Allentown Economic Development Corporation

Monthly Archives: December 2013

Press Release: New Year – New Manufacturing Startups Calling Allentown Home

Three Early Stage Businesses to Join Bridgeworks Enterprise Center in 2014

Allentown, Pennsylvania – The Allentown Economic Development Corporation (AEDC), following its December 19th Board of Directors meeting, announced that three early stage manufacturing companies will join the business incubation program, housed at the Bridgeworks Enterprise Center, in early 2014.

“We are very excited to bring these companies into our business incubation program as we kick-off our 25th Silver Anniversary year,” said Scott Unger, Executive Director of AEDC. “These three diverse ventures have very promising business plans and represent the next generation of manufacturing for Allentown and the Lehigh Valley.”

The companies represent a wide range of manufacturing specialties.

Gonzo Pockets manufactures specialized mesh for lacrosse stick heads using a proprietary rubberized coating. Brothers Lou and Desi Gonzalez, both highly successful and recognized collegiate lacrosse players, founded the company after being frustrated by products that were currently on the market. They teamed up with Naval Academy graduate and proven entrepreneur Tom Schmitt, who already had startup experience of his own, to get the Gonzo Mesh prototype finalized and distributed into more than 100 specialty lacrosse stores across the U.S. and Canada in just nine months. Gonzo Pockets will move into the Bridgeworks Enterprise Center in January.

Tom explains, “Lacrosse players are passionate about getting any edge they can. Our mesh is one of those advantages. The lacrosse community has embraced us and we look forward to our local community sharing in our success as we expand. Collaborating with other entrepreneurs and having the wealth of manufacturing and business knowledge Bridgeworks provides at our fingertips is such a great opportunity for us. We are proud to be invited to join the Bridgeworks business community.”

HiJinx Brewing Company, currently based in South Whitehall Township, was literally started in a garage. By carefully complying with the township’s home-based business laws, founders Curt Keck and Chris Becker have been able to launch the nano-brewery and get their beers into more than a dozen Lehigh Valley bars and restaurants. In just over one year, Keck and Becker have squeezed everything they can out of their equipment and are unable to keep up with the demand for their beers. A new 10-barrel brewing system will be purchased and installed at the Bridgeworks Enterprise Center, fulfilling the founders’ lifelong dream of owning their own production brewery.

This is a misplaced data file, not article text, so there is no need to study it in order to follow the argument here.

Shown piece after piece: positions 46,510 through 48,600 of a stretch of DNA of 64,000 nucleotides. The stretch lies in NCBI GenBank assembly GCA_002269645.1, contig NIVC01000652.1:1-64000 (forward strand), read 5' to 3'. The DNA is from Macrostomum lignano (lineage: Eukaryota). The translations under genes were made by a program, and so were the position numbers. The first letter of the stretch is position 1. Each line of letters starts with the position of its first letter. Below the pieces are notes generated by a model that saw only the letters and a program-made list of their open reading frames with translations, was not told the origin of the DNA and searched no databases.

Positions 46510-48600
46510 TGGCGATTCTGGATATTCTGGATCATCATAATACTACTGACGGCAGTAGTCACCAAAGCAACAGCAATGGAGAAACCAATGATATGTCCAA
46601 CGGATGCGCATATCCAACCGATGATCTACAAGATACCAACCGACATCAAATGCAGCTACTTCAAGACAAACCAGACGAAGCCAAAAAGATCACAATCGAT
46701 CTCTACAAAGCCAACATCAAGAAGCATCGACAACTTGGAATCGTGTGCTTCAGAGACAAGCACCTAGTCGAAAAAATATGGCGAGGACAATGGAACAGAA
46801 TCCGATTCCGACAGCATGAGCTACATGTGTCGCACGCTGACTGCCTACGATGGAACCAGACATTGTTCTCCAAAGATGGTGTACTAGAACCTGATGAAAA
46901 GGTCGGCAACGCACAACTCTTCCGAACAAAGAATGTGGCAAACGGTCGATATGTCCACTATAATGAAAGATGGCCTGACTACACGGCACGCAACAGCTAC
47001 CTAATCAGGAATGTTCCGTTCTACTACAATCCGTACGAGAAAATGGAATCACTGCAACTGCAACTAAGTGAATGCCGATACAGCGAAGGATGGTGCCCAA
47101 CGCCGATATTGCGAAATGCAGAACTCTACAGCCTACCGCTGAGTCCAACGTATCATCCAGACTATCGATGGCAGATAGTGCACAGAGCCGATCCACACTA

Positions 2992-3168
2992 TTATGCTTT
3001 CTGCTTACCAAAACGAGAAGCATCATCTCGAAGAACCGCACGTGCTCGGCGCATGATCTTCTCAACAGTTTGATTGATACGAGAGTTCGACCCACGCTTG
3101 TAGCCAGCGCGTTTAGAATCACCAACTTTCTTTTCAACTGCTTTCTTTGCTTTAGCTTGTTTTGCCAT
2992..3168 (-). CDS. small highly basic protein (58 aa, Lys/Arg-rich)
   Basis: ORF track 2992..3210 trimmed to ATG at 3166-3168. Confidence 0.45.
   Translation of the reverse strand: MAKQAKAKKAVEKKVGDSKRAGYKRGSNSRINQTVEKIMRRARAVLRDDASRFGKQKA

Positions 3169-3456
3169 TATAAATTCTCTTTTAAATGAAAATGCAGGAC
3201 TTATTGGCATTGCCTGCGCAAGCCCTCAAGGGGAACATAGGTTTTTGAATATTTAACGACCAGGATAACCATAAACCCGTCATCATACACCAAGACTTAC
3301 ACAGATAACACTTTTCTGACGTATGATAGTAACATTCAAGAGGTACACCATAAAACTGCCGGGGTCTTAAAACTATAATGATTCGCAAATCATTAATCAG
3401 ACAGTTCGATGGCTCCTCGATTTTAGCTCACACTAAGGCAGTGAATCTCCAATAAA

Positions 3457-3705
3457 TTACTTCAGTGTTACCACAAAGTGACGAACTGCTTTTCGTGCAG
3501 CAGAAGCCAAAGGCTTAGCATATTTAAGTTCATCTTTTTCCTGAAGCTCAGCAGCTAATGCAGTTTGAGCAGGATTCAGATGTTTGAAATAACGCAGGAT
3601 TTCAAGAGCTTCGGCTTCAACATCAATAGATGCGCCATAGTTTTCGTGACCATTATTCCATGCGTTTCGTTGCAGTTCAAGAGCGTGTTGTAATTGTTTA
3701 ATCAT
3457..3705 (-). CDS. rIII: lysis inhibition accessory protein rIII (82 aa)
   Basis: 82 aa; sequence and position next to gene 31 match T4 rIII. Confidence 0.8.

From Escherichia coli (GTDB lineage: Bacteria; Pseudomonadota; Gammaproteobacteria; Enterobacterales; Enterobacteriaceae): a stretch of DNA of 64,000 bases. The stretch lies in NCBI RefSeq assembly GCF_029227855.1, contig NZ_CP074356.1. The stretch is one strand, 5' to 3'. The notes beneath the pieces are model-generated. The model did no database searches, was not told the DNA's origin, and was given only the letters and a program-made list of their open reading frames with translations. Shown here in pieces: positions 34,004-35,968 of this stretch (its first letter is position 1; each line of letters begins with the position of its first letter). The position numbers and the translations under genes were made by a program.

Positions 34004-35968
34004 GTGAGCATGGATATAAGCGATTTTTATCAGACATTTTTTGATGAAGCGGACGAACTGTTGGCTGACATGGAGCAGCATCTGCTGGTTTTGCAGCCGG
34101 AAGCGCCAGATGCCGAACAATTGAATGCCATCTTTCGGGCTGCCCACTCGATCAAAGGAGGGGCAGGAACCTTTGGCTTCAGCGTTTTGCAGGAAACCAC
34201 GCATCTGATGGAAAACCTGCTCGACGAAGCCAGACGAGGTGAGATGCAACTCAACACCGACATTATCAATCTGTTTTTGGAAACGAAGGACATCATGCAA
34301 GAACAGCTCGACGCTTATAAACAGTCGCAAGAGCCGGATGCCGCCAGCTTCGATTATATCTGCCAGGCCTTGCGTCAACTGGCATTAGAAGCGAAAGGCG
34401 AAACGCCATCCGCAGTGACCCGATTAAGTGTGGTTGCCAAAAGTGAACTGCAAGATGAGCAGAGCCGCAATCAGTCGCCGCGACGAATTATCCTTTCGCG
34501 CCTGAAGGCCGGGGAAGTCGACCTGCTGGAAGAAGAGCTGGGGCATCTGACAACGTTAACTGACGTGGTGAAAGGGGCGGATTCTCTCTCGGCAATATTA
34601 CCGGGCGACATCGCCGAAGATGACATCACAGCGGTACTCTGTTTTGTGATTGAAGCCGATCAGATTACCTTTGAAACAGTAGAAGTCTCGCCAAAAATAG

“We chose the Bridgeworks Enterprise Center because we feel that the resources provided, along with the access to professional guidance, will help us grow our business,” explained Keck. “The wisdom of seasoned business professionals will help us to avoid common pitfalls and unforeseen problems.

Zzyzx Polymers (pronounced ziz-icks), the third company to be joining the incubator, has secured exclusive rights to nearly 20 patents revolving around new technology to create plastic compounds. The founders have applied for funding from  Ben Franklin Technology Partners of Northeastern Pennsylvania to further develop their revolutionary processes. The company’s goal is to commercialize its novel mixing technology to create plastics with unique properties that no one else can make. The company also hopes to disrupt the recycling industry by reusing plastics that today get sent to landfills by other waste management companies.

“When we started our company, we had a founder in Silicon Valley, one in Chicago and one in Pennsylvania,” explained Mike Janse, CEO of Zzyzx Polymers. “There were good reasons to establish manufacturing in any of those locations, but the Bridgeworks Enterprise Center and Ben Franklin Technology Partners program made Allentown an easy choice.”

“AEDC will spend the next several years providing mentorship and training to these companies in a concentrated effort to have them grow rapidly into profitable and self-sustaining organizations that are creating jobs for Lehigh Valley residents,” explained Anthony Durante, Economic Development Specialist at AEDC, who is responsible for the business incubation program.

“Our job is to recruit new ventures, help to grow them and then launch them back into the Lehigh Valley over a span of four to seven years so that we can do it again with another batch of startups,” said Durante. “If we, as a business incubator, do our jobs well, the incubator should be creating a steady stream of successful companies for the community.”

Over the course of its 25-year existence, the Bridgeworks Enterprise Center has done just that. Founded in the refurbished Mack Trucks Plant 4A in 1989, the business incubator has helped launch 44 companies in Allentown that have created more than 285 jobs. It is a member of the Ben Franklin Business Incubator Network. Today, some of its current incubator clients include ColdEdge Technologies, MTS Ventures and The Colony Meadery, its most recent addition.